The California Supreme Court ruled that Scott Peterson’s 2004 murder convictions for his pregnant wife, Laci, and unborn son, Connor, are to be reexamined.
The court ordered, on Wednesday, October 14, that the case get sent back to the San Mateo County Superior Court to determine whether or not Peterson, 47, should receive a new trial on the grounds that a juror “committed prejudicial misconduct by not disclosing her prior involvement with other legal proceedings, including but not limited to being the victim of a crime,” according to the Los Angeles Times.
The newspaper also reported that Juror No. 7 failed to reveal that, in 2000, she filed a lawsuit against her boyfriend’s ex-girlfriend and obtained a restraining order after the ex allegedly harassed her while she was pregnant. Peterson’s lawyer Cliff Gardner responded to the news with a statement to In Touch.
“We are certainly pleased that, as it did in reversing Scott’s penalty on direct appeal several weeks ago, the Supreme Court recognized the importance of a fairly selected jury,” he said. “In particular, we agree not only with the Court’s apparent concern about juror candor during the jury selection process, but with its recognition about how central the misconduct was to the ability of the jury to reach a fair decision in this case.”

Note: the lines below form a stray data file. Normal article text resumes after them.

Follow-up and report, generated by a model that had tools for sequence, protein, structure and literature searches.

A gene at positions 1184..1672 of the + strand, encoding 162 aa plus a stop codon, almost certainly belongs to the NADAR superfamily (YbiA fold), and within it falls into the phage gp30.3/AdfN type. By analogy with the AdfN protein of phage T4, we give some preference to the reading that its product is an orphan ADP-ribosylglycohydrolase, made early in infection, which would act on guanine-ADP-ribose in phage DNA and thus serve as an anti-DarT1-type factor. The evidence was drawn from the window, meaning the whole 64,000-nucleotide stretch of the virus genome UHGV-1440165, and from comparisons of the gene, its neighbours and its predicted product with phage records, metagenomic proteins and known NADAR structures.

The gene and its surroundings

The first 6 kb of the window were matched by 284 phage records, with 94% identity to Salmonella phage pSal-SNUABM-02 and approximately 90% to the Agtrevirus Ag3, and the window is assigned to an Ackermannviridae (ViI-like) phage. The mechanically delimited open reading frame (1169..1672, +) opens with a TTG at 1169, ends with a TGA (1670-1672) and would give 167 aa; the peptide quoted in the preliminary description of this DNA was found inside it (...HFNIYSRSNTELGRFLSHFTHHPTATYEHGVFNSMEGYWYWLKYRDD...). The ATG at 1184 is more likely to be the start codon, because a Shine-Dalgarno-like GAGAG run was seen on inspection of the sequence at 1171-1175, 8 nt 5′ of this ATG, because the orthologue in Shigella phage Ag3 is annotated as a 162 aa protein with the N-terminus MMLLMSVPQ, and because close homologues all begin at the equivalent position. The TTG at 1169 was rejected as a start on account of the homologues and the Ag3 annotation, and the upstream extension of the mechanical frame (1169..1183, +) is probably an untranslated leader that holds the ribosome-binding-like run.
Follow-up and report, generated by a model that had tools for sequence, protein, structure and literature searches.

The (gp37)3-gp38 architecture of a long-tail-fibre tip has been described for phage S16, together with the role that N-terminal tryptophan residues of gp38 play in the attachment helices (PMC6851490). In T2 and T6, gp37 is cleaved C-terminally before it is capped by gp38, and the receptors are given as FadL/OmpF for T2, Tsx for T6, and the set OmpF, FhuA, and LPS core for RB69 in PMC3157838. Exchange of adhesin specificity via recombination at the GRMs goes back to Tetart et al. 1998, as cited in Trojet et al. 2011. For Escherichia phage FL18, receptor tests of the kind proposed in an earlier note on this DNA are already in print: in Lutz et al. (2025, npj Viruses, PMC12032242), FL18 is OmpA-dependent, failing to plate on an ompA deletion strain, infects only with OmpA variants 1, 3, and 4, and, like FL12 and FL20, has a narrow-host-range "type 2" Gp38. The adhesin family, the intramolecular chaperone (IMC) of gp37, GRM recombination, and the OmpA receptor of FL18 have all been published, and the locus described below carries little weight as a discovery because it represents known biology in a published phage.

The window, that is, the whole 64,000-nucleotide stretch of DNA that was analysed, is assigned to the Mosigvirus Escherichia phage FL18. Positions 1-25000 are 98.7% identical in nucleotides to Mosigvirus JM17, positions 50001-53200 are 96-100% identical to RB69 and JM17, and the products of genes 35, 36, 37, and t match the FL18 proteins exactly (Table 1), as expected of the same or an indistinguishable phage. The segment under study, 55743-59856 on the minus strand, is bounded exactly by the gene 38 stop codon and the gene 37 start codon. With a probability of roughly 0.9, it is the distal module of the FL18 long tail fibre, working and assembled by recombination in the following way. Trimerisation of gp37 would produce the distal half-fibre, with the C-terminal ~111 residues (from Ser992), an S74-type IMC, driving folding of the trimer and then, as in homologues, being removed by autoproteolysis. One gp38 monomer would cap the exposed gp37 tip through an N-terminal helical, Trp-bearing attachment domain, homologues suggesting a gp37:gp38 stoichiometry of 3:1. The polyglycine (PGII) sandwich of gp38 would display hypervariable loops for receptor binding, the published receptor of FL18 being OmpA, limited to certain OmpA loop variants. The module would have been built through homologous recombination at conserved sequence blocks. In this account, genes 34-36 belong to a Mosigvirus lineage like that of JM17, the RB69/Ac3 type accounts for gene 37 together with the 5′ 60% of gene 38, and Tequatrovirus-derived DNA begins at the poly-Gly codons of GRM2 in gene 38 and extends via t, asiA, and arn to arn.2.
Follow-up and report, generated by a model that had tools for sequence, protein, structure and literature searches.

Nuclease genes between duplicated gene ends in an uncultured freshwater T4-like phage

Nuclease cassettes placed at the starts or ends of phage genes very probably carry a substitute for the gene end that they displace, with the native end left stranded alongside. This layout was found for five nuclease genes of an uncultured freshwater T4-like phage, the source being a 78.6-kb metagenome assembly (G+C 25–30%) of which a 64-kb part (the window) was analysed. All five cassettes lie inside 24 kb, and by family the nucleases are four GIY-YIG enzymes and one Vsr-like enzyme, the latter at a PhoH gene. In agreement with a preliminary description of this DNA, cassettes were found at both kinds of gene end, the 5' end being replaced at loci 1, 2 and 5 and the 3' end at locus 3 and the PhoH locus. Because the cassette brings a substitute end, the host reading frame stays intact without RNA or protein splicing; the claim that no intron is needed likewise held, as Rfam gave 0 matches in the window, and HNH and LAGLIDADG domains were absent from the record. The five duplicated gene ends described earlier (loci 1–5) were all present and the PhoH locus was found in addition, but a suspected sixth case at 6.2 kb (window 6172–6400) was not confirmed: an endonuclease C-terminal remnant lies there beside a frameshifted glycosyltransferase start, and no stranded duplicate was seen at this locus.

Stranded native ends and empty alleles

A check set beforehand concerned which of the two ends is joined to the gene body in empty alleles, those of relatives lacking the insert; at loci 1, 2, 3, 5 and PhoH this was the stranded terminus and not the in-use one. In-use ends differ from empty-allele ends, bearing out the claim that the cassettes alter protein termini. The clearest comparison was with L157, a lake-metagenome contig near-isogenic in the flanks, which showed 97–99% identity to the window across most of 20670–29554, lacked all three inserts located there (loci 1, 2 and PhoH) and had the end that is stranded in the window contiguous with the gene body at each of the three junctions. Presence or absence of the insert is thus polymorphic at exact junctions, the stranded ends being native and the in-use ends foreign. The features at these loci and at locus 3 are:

Laci, 27, went missing on Christmas Eve in 2002. Her body was found in the San Francisco Bay in April 2003, and the cause of death could not be determined. An autopsy of Laci’s body showed that there was a “significant cut” made to the fetus’ body. Peterson was sentenced to death row in 2005 after being convicted of first-degree murder with special circumstances, and second-degree murder for the couple’s unborn child. In August, his death penalty sentence was reversed by the California Supreme Court.
“Peterson contends his trial was flawed for multiple reasons, beginning with the unusual amount of pretrial publicity that surrounded the case,” the court said in its ruling, according to In Touch. “We reject Peterson’s claim that he received an unfair trial as to guilt and thus affirm his convictions for murder.”
The court added that there were “a series of clear and significant errors in jury selection that, under long-standing United States Supreme Court precedent, undermined Peterson’s right to an impartial jury at the penalty phase.”